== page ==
Text Analysis Praxis: A look into the world of Harry Potter

The idea for the Text Analysis praxis assignment came after trying to do the Data Visualization praxis assignment a few weeks ago. I had originally planned to do the Data Viz praxis, but I was having trouble finding a dataset or even something that I was interested in using. Unlike the Mapping praxis, I did not have an immediate topic in mind that would allow me to understand my dataset enough to create visualizations in the way I wanted to. Thus, I decided to forego the Data Viz praxis and focus on this week’s Text Analysis praxis.

The first thing I had to think about was what large text I was interested in enough to analyze. Not only would I have to be interested in the topic, it had to be easy enough to get access to the text itself. The first thing that came to mind that I was interested in that would also be easy to access the text was the Harry Potter book series. With the popularity of the text, I knew that I would be able to find the text somewhere online and I know the text enough to be able to spot some interesting patterns.

The tool that I used was Voyant because, from sampling a few of the different tools, I realized that it was, not only easy to use, but had many ways of looking at the text. This was also, unfortunately, determined by the fact that I knew I would not have much time over the past few weeks due to work to mess with other techniques using coding (such as Python), though I was very tempted.

I found each book in the form of a text file and saved them separately. The first thing that I did when I downloaded the text files was to make sure that some items were consistent across all the files. This includes the following:

  • Making sure all chapter numbers were spelled out instead of numerical (i.e. Chapter 4 would be changed to “Chapter Four”)
  • Making sure that there was no other text except that of the book.
    • For example, the top of some of the text files included the title and author of the book and the publisher information.

Once that was done, I uploaded each text file into Voyant and just tried out as many of the tools as I could. One of my favorites has always been the Word Clouds, or Cirrus as Voyant calls it. I created a 155 word cloud for each book separately as well as the corpus as a whole.

Harry Potter and the Deathly Hallows 155 Word Cloud

One item that stood out to me right away, which is obvious from knowing the content of the books but was still interesting to see, was how Voldemort’s name was used the most in the last book, “Harry Potter and the Deathly Hallows”, compared to all of the other books. This makes sense when understanding that the last book is when Voldemort is the most present and where people are more willing to say or think his name compared to the other books.

After this I wanted to see the trend of Voldemort’s name across the corpus.

Trend of Voldemort across the series.

Then, after seeing this, I wanted to see the comparison between his name and the other main characters in the series. I didn’t realize that I could add labels at first but, when comparing to the other characters, it was necessary in order to tell them apart.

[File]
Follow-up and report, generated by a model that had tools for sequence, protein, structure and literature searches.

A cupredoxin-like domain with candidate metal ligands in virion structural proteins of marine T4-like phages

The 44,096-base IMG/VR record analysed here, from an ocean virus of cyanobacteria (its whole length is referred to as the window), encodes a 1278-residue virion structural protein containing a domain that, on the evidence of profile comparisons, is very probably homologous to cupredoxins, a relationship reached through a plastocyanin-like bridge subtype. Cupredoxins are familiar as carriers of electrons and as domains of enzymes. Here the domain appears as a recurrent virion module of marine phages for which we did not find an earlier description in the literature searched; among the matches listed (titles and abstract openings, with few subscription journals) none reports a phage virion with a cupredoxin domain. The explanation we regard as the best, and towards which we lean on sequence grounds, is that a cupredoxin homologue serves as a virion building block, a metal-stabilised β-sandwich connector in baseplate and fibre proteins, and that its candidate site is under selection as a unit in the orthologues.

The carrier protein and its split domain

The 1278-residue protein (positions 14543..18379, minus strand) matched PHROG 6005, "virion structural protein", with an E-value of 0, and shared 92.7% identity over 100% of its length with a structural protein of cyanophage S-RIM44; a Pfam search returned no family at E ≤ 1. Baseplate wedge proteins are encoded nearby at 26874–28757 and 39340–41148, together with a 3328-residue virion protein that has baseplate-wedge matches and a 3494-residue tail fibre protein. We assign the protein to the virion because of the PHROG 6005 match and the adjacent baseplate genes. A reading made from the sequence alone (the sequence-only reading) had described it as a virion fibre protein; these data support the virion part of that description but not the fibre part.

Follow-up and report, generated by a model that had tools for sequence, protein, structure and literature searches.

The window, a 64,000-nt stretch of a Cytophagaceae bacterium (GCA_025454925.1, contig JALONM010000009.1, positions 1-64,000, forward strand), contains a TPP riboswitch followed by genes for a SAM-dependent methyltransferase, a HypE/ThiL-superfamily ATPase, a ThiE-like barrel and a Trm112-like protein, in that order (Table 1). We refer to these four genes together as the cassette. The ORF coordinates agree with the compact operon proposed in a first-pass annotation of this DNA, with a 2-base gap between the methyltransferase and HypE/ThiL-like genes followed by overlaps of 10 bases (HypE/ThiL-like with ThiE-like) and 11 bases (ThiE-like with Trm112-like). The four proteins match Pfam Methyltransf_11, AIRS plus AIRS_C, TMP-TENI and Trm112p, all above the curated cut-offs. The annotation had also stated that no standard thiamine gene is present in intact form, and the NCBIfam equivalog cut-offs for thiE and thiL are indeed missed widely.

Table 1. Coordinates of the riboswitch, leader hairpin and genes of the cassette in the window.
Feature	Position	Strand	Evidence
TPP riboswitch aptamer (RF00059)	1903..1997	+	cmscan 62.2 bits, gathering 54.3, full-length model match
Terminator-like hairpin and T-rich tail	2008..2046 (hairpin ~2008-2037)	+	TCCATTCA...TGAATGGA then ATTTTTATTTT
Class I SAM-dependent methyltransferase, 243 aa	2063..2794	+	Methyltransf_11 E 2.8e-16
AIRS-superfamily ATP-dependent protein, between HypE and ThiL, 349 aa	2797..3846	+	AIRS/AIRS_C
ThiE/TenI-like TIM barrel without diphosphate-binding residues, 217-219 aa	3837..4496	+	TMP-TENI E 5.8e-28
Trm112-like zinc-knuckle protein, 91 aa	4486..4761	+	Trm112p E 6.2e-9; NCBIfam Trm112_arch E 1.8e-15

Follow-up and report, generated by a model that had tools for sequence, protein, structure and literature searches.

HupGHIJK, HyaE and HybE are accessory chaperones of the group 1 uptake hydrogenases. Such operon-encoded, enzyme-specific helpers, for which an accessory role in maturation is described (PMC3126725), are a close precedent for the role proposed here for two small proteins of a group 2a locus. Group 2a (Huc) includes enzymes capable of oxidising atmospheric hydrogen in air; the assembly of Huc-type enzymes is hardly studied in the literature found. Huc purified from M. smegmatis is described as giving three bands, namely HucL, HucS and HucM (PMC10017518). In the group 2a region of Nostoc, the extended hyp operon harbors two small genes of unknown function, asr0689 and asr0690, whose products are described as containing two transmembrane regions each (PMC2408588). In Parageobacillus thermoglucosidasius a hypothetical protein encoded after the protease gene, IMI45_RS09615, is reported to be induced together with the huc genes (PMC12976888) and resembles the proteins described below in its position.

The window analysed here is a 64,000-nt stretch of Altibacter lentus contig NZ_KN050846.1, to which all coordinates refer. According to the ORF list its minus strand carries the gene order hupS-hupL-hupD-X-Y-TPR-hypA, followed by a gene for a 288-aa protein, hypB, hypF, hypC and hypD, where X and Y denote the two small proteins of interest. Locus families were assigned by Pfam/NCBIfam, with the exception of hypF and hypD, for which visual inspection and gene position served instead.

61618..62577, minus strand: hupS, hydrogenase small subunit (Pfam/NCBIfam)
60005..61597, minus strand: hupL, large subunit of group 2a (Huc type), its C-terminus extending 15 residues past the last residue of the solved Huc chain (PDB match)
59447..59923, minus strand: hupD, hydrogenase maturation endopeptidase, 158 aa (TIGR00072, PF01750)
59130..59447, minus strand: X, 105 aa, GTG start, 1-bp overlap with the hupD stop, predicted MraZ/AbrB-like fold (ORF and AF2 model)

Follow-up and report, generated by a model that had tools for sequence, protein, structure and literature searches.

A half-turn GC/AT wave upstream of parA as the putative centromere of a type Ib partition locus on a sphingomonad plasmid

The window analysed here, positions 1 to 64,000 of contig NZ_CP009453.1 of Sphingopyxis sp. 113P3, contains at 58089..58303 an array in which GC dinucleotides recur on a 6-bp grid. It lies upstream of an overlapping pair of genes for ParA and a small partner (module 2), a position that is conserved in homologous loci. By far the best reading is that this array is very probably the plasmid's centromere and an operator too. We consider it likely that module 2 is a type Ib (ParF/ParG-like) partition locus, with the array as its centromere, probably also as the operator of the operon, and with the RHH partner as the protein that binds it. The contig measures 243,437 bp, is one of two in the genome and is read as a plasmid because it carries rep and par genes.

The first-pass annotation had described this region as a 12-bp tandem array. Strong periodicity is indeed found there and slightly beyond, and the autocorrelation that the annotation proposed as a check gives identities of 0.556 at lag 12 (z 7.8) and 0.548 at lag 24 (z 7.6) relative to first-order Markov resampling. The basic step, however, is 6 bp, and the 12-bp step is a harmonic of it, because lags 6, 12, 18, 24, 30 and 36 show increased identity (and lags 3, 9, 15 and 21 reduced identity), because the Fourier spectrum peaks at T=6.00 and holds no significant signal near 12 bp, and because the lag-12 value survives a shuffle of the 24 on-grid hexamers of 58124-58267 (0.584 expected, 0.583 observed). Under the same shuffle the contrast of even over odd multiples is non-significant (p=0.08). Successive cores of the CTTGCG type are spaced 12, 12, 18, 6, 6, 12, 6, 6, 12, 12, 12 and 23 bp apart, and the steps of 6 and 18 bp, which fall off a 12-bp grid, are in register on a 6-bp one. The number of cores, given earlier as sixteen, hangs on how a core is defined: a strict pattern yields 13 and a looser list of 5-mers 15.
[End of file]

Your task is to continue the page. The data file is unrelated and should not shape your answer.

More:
Trend of main characters across the series.

There were a few things that I noticed when I was first experimenting with the word cloud. One thing was that the largest or second largest word originally was “said”. This was obvious as the book is set in third person. However, I did not want to include “said” in the findings, so I was able to use Voyant’s edit feature to exclude “said” from the corpus. There were many other words that I wish I could have excluded as well but it would have taken a lot of time to go through it all. One other thing that I noticed in a few of the word clouds (such as the corpus one) is that there must have been typos in a few of the text files because “harry’s” and “harry’ s” showed up twice (there is a space between the apostrophe and the “s” which is making them count as two separate words. Of course, it was bound to happen when relying on text files put together by others.

Corpus 155 Word Cloud

I took some time to mess around with other tools and I have included screen shots below. One of which looked at the location that a word(s) show up in each text file. When looking at the use of “Harry”, what jumped out at me was the gaps that can be seen at the beginning of the Sorcerer’s Stone, Goblet of Fire, Half Blood Prince and Deathly Hallows.

Location of “Harry” throughout the series.

Of course, with knowing the story, the start of each of these books begins with a chapter or two that do not focus solely on Harry.

Below are other items that I pulled from Voyant in case you are interested. There is so much that can be done with this information, I am sure.

Statistics across the series.
Mandala comparing the frequency of use across the series and amongst some of the most used words.
Harry Potter and the Sorcerer’s Stone 155 Word Cloud
Harry Potter and the Chamber of Secrets 155 Word Cloud
Harry Potter and the Prisoner of Azkaban 155 Word Cloud
Harry Potter and the Goblet of Fire 155 Word Cloud
Harry Potter and the Order of the Phoenix 155 Word Cloud
Harry Potter and the Half Blood Prince 155 Word Cloud